SAN FRANCISCO – Three former college athletes are the latest to file a class action lawsuit against the National Collegiate Athletic Association, claiming it and 11 athletic conferences have created a monopsony over college athletes.
Kenyata Johnson, Barry Brunetti and D.J. Stephens filed their complaint Nov. 19 in U.S. District Court for the Northern District of California. It alleges the defendants have unlawfully agreed that no college will pay an athlete any amount that exceeds the value of an athletic scholarship.
Johnson was a linebacker on the University of Memphis’ football team, while Stephens played for the same school’s basketball team.
Brunetti, a native of Memphis, originally attended West Virginia University on a football scholarship but transferred to the University of Mississippi in 2011.
“(The defendants) collectively share ‘monopsony’ power over college athletes,” the complaint says. “The NCAA and its members are ‘the only game in town’ when it comes to compensating college athletes for their services.
“In enacting the challenged restraint, the NCAA and its members have the ultimate power to artificially depress compensation to college athletes. If a top-tier athlete doesn’t like it, he or she essentially has no reasonably close alternative. That is the nature of a monopsony.
“Instead of a free market, a market controlled by a monopsonist is a ‘take it or leave it’ market.”
Representing the plaintiffs are L. Timothy Fisher of Bursor & Fisher in Walnut Creek, Calif., and Bryan L. Clobes of Cafferty Clobes Meriwether & Sprengel in Philadelphia.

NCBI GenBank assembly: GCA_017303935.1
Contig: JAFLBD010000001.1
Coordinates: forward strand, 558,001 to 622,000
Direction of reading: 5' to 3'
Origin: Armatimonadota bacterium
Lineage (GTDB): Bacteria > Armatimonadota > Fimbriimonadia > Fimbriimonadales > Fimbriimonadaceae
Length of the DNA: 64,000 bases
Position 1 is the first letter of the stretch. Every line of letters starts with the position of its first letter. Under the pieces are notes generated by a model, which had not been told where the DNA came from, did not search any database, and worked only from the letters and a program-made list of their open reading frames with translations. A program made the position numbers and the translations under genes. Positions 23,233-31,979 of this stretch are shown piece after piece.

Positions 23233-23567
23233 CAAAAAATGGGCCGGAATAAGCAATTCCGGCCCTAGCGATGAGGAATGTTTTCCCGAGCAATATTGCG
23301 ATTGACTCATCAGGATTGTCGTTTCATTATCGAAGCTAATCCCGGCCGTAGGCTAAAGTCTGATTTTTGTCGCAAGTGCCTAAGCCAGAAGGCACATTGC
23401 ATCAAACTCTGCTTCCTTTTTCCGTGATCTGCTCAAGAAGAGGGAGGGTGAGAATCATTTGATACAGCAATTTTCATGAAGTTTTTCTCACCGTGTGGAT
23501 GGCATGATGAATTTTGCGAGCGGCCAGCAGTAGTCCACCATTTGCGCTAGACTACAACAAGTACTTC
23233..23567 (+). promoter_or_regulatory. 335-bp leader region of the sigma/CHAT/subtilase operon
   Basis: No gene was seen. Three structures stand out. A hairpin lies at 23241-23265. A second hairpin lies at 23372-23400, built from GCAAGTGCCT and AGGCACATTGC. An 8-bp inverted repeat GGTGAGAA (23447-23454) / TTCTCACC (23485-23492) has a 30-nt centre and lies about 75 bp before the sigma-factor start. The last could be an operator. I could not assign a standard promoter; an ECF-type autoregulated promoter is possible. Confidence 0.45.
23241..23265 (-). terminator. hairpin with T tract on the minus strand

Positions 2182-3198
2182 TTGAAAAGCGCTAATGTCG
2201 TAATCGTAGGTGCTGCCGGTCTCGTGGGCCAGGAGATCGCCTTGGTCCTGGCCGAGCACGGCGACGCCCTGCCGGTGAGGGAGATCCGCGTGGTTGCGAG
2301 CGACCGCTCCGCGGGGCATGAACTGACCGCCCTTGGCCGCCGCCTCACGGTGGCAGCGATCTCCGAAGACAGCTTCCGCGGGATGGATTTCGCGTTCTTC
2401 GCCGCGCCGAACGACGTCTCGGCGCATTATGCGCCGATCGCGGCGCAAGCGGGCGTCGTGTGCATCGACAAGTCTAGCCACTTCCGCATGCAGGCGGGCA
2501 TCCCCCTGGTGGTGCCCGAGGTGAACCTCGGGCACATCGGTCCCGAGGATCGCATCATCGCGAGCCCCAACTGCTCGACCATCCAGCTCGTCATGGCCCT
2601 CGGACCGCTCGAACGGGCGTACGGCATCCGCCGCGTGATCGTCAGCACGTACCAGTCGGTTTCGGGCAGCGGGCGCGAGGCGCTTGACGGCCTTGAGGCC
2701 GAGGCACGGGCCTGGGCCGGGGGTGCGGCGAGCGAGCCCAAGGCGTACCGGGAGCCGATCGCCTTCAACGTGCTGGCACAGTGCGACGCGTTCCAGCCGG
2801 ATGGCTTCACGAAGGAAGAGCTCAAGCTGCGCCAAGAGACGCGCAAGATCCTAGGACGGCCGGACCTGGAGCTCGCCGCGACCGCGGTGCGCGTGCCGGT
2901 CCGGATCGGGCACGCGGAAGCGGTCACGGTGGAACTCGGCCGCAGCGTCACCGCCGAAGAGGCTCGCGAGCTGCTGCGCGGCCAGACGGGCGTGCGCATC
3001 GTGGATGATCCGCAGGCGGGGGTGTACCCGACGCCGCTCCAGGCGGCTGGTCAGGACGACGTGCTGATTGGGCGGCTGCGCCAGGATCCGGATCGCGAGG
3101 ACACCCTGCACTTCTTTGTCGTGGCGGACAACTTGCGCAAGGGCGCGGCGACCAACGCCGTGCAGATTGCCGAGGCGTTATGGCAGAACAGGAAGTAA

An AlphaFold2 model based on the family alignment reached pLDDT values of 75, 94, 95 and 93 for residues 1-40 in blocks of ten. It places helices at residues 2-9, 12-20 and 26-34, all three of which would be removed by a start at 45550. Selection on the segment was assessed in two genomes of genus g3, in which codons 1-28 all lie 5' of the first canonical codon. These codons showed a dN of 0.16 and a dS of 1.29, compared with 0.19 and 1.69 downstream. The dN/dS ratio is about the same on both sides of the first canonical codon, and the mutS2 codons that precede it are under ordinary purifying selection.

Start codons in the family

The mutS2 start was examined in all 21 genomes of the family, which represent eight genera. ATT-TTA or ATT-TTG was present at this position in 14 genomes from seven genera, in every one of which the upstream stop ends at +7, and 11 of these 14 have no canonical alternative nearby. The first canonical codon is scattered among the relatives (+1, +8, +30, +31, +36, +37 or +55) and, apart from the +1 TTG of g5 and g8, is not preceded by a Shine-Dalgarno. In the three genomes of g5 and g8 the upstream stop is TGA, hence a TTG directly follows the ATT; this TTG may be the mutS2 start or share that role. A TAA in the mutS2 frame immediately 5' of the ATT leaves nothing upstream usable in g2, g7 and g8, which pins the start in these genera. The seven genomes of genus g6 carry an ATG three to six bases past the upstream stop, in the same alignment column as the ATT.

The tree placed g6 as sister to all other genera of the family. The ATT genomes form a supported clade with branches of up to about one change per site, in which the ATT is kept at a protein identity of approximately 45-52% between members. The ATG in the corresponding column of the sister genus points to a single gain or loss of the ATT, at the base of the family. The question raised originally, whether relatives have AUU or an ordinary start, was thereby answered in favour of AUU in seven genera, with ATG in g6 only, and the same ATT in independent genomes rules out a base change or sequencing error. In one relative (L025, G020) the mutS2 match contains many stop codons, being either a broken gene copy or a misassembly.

In a separate filing, those attorneys ask that the new class action be designated as related to nine other antitrust lawsuits against the NCAA and one against Electronic Arts.
Among those lawsuits is the one brought by former UCLA basketball player Ed O’Bannon. In August, U.S. District Judge Claudia Wilken ruled in favor of O’Bannon, deciding the NCAA’s rules unreasonably restrain trade.
Also among the lawsuits is Keller vs. Electronic Arts. In it, former Arizona State University quarterback Sam Keller sued EA for using his likeness in a video game without paying him, and the case was combined with O’Bannon’s.
The U.S. Court of Appeals for the Ninth Circuit ruled EA couldn’t claim First Amendment protections, and the U.S. Supreme Court declined to hear the appeal.
EA paid $40 million to settle the case.
“Relating this action to the above-listed actions will promote substantial efficiency and judicial economy,” the Johnson attorneys wrote.
“Judge Wilken has presided over the Keller and O’Bannon actions since 2009 and is intimately familiar with the NCAA’s rules and regulations relating to college athletics.
“The Johnson action … concerns similar questions with respect to class certification and liability, and will likely involve overlapping witnesses, experts and discovery.”